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The Etudes are very different, virtuoso pieces of considerable intellectual power based on a theme by Ernestine's adopted father. Schumann was undecided about the work's title. Originally '12 Davidsbündler Studies', they became 'Symphonic Studies in orchestral character by Florestan and Eusebius', and then 'Studies in the form of Variations'. As in the case of the Kinderszenen, Schumann wrote more pieces than he published; five more appeared posthumously in the complete edition, edited by Brahms. Schumann knew the studies were not only formidable technically, but might prove a stumbling-block to contemporary audiences. He approved when Clara wrote in 1838 that she had not played them at any of her Viennese recitals: 'You did right not to play my Etudes. They are not suitable for public audiences, and it would be pitiful if I complained afterwards that they had not understood something which was in fact not intended to be applauded in that way but only existed for its own sake.' It is hard to say, though, how Etude 3 would not make instant appeal [listen -- track 17, 0:00-0:50]. The 'Presto possibile' of Etude 9 requires initially the lightest of touches, but its quicksilver moods would keep any pianist at full stretch [listen -- track 25, 0:00-0:39]. Schumann very sensibly dedicated Op 13 to Sterndale Bennett, the first Englishman to give piano recitals in his native country.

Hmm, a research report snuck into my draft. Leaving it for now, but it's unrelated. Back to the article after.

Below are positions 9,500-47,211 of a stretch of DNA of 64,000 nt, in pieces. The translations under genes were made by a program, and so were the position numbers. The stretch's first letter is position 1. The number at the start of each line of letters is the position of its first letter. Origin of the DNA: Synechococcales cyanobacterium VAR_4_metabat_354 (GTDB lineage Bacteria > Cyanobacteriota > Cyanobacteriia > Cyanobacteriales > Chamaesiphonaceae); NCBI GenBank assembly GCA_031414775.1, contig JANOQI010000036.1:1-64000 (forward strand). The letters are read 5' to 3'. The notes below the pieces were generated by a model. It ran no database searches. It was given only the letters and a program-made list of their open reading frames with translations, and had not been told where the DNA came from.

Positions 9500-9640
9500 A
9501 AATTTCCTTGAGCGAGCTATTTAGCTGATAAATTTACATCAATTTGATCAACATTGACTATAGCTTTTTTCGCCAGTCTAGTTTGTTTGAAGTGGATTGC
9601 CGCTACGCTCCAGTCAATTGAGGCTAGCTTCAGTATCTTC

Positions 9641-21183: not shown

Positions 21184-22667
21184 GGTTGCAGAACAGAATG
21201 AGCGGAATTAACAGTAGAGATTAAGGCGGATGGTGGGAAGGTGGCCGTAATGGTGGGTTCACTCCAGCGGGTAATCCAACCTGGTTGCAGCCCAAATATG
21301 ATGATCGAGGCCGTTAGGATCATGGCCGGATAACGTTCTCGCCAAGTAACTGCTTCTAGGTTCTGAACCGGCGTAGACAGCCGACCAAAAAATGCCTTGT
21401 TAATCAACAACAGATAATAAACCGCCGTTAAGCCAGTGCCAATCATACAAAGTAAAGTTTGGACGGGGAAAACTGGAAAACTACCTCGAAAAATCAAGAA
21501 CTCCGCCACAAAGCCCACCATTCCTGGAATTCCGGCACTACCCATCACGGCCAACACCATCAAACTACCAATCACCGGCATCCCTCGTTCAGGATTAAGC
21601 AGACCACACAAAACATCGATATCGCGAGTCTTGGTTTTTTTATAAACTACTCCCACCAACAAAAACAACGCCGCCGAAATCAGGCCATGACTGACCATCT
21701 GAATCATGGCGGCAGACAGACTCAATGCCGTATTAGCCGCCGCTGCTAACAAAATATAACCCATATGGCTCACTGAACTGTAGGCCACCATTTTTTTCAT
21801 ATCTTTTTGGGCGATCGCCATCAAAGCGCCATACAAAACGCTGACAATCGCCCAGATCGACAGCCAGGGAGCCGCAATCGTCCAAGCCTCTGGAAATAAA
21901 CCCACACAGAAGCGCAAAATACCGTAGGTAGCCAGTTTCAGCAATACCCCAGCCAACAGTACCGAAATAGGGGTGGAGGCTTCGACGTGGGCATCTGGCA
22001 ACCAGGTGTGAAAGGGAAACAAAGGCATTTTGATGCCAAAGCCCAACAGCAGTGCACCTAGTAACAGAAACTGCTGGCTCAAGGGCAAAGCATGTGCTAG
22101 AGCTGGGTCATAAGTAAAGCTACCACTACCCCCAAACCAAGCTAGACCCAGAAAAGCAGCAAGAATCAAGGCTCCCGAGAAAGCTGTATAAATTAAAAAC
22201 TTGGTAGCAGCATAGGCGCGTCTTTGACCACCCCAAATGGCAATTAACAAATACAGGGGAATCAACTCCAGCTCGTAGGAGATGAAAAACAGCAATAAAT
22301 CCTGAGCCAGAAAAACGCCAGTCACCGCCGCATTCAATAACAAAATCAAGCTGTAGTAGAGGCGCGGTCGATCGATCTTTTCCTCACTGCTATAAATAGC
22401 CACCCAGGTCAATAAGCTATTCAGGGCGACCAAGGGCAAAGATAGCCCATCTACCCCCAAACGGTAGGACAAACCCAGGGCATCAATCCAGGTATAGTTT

One of Bernard Shaw's most engaging reviews involves the Etudes symphoniques and the first appearance of 'a wild young woman named Ilona Eibenschütz'. After 'stumbling hastily up the stairs, and rushing at the piano stool with a couple of strange gestures of grudging obeisance', Ilona seemed to Shaw to be 'friendless in a foreign land. But when she touched the first chord of Schumann's Etudes Symphoniques, the hand lay so evenly and sensitively on it, and the tone came so richly, that I at once perceived that I was wasting my sympathies, and that Ilona, however ingloriously she might go to the piano, would come away from it mistress of the situation'. She was, after all, a late pupil of Clara Schumann and acquaintance of Brahms. Luiza Borac can certainly produce Ilona's subtlety of touch, as for instance in No 4 of the Appendix variations printed by Brahms [listen -- track 26, 0:00-1:08]. If not all the studies have an equivalent sensitivity, the fault is partly Schumann's and that of the modern piano.

Copyright © 8 January 2003 Robert Anderson, London, UK


Schumann: Kinderszenen - Etudes Symphoniques - Luiza Borac

GBEZL0200011-40 NEW RELEASE 57'43" 2002 Luiza Borac and John Barnes

Luiza Borac, piano

Robert Schumann: Kinderszenen Op 15; Etudes Symphoniques Op 13


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